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Cybercrime: The Road Begins

Cybercrime: The Road Begins

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Each year hundreds of billions of dollars are lost by companies due to cybercrimes committed by criminals. These attacks vary from sophisticated hacking to primitive fraud attempts. 

However, with the right preparation and countermeasures in place, companies can prevent certain types of cyberattacks, or at least mitigate the associated losses. 

Recent Examples

With increasing frequency, perpetrators are hacking employee email accounts (typically those belonging to the person responsible for payments in the company’s name) by sending a message from a specially-created email address differing only by one or two characters from the email address of an actual company business partner. The email contains a request that payments due to the business partner be wired to a new Hungarian (or other) bank account provided in the email sent from the fake email address. Unless the targeted employee notices the deception, he or she may well wire the funds to that new bank account. After payment, another perpetrator will carry out different money laundering operations, like transferring the fraudulently-acquired money to another bank account, often outside of the EU. Finally, with the help of “stooges,” the perpetrators can withdraw the wired money from the account in cash. 

Another type of cybercrime is committed by hackers who break into a company’s IT system and extract a part of or an entire database. As a next step, they send an email or other message to a company executive or other responsible person demanding the transfer of funds (or more recently, bitcoins), threatening to disclose the illegally-obtained data to the public on the Internet if they do not receive payment. In some instances, hackers have carried through with their threats when funds were not credited in line with their demands, causing huge reputational and other losses to companies.

Potential Prevention or Defence Options 

Preventing the first type of attack is much easier than recovering lost assets. Companies must bring these types of crimes to the attention of the personnel responsible for accounting, finance, and IT systems by organizing internal trainings and requiring that payment of funds be made only by the book (e.g., for all changes in bank accounts, a phone confirmation or other confirmation method should apply) and creating effective internal validation processes. Should such an attack take place, time is of the essence. In our experience, if a company acts quickly in filing a police report and asking for the relevant bank accounts to be frozen, there is a chance that at least some amounts can be recovered.

The second type is more difficult to prevent. Many companies spend excessive amounts of money on IT – especially IT security – but the sufficiency of such systems can only be truly measured when an attack occurs, as even less-developed IT systems are likely to detect an attempt. After a successful attack, it is very difficult to move forward quickly. Therefore, all companies should have a strategy in place to make sure that losses, if they occur, are minimized to the extent possible.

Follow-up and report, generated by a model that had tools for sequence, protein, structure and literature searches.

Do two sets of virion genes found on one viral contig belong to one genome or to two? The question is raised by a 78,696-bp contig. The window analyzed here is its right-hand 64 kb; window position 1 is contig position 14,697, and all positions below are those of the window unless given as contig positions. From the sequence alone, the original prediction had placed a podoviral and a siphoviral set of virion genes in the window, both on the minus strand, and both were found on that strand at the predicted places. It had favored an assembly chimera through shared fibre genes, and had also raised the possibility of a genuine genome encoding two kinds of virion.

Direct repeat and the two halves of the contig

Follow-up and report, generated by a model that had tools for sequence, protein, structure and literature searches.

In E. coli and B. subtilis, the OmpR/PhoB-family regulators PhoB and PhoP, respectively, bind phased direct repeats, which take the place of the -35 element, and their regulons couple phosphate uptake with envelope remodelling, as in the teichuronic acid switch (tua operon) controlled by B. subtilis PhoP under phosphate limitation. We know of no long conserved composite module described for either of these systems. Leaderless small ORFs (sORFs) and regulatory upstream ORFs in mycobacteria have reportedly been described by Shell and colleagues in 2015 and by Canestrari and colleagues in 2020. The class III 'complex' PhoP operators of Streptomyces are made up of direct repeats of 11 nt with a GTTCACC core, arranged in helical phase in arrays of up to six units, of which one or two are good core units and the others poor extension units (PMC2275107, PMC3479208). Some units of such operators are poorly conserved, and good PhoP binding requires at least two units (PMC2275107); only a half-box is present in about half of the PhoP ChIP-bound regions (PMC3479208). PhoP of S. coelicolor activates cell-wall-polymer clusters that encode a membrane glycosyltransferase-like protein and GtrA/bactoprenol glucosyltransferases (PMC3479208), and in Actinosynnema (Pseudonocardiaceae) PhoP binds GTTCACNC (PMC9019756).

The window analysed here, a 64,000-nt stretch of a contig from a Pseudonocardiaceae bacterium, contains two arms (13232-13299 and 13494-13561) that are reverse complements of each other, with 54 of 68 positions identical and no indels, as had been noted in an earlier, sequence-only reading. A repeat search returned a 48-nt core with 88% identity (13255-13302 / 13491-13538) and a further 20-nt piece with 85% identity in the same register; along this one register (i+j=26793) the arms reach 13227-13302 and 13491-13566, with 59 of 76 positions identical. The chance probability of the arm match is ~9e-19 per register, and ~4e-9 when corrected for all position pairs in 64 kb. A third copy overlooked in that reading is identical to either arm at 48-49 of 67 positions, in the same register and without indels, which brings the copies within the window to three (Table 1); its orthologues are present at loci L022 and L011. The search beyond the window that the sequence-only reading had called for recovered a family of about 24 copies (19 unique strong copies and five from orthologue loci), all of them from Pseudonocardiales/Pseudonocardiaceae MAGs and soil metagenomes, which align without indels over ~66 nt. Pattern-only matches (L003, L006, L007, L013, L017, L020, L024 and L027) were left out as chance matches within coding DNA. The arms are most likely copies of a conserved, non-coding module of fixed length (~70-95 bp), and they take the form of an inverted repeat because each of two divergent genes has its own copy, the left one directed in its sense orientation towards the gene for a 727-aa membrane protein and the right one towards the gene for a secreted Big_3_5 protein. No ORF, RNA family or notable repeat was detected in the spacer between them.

It appears that transferring money to Hungarian bank accounts is extremely popular among the perpetrators of such cybercrimes, which brings up the question of how regulations concerning the opening of bank accounts and wire transfer operations can be tightened or weak points of the system detected. 

Cybercrimes have also caught the attention of the authorities. On April 15, 2013 Hungary established the National Cyber Security Center to fight such crimes, and at a European level the Directive on Security of Network and Information Systems was adopted in 2016 to strengthen cooperation between authorities. In addition, the rules of the General Data Protection Regulation (GDPR), which comes into force on May 25, 2018, also contain mandatory measures for companies. The GDPR will require companies to implement appropriate security measures to protect personal data processing operations, to carry out data protection impact assessments in connection with high-risk personal data processing (e.g., if the company is likely to be a target of cyber criminals) and, once an incident (cybercrime) occurs, to notify the local data protection officer within 72 hours.

Akos Nagy, Partner, and Aron Barta, Associate, Kinstellar

This Article was originally published in Issue 4.9 of the CEE Legal Matters Magazine. If you would like to receive a hard copy of the magazine, you can subscribe here.

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Kinstellar is a leading independent law firm in Emerging Europe, Turkey and Central Asia, with offices in Bulgaria (Sofia), Croatia (Zagreb), the Czech Republic (Prague), Hungary (Budapest), Kazakhstan (Almaty and Astana), Romania (Bucharest), Serbia (Belgrade), Slovakia (Bratislava), Turkey (Istanbul), Ukraine (Kyiv), and Uzbekistan (Tashkent).

Operating as a single fully integrated firm, Kinstellar delivers consistently high quality services across all jurisdictions in an integrated and seamless style. We are particularly well suited to servicing complex transactions and advisory requirements spanning several jurisdictions.

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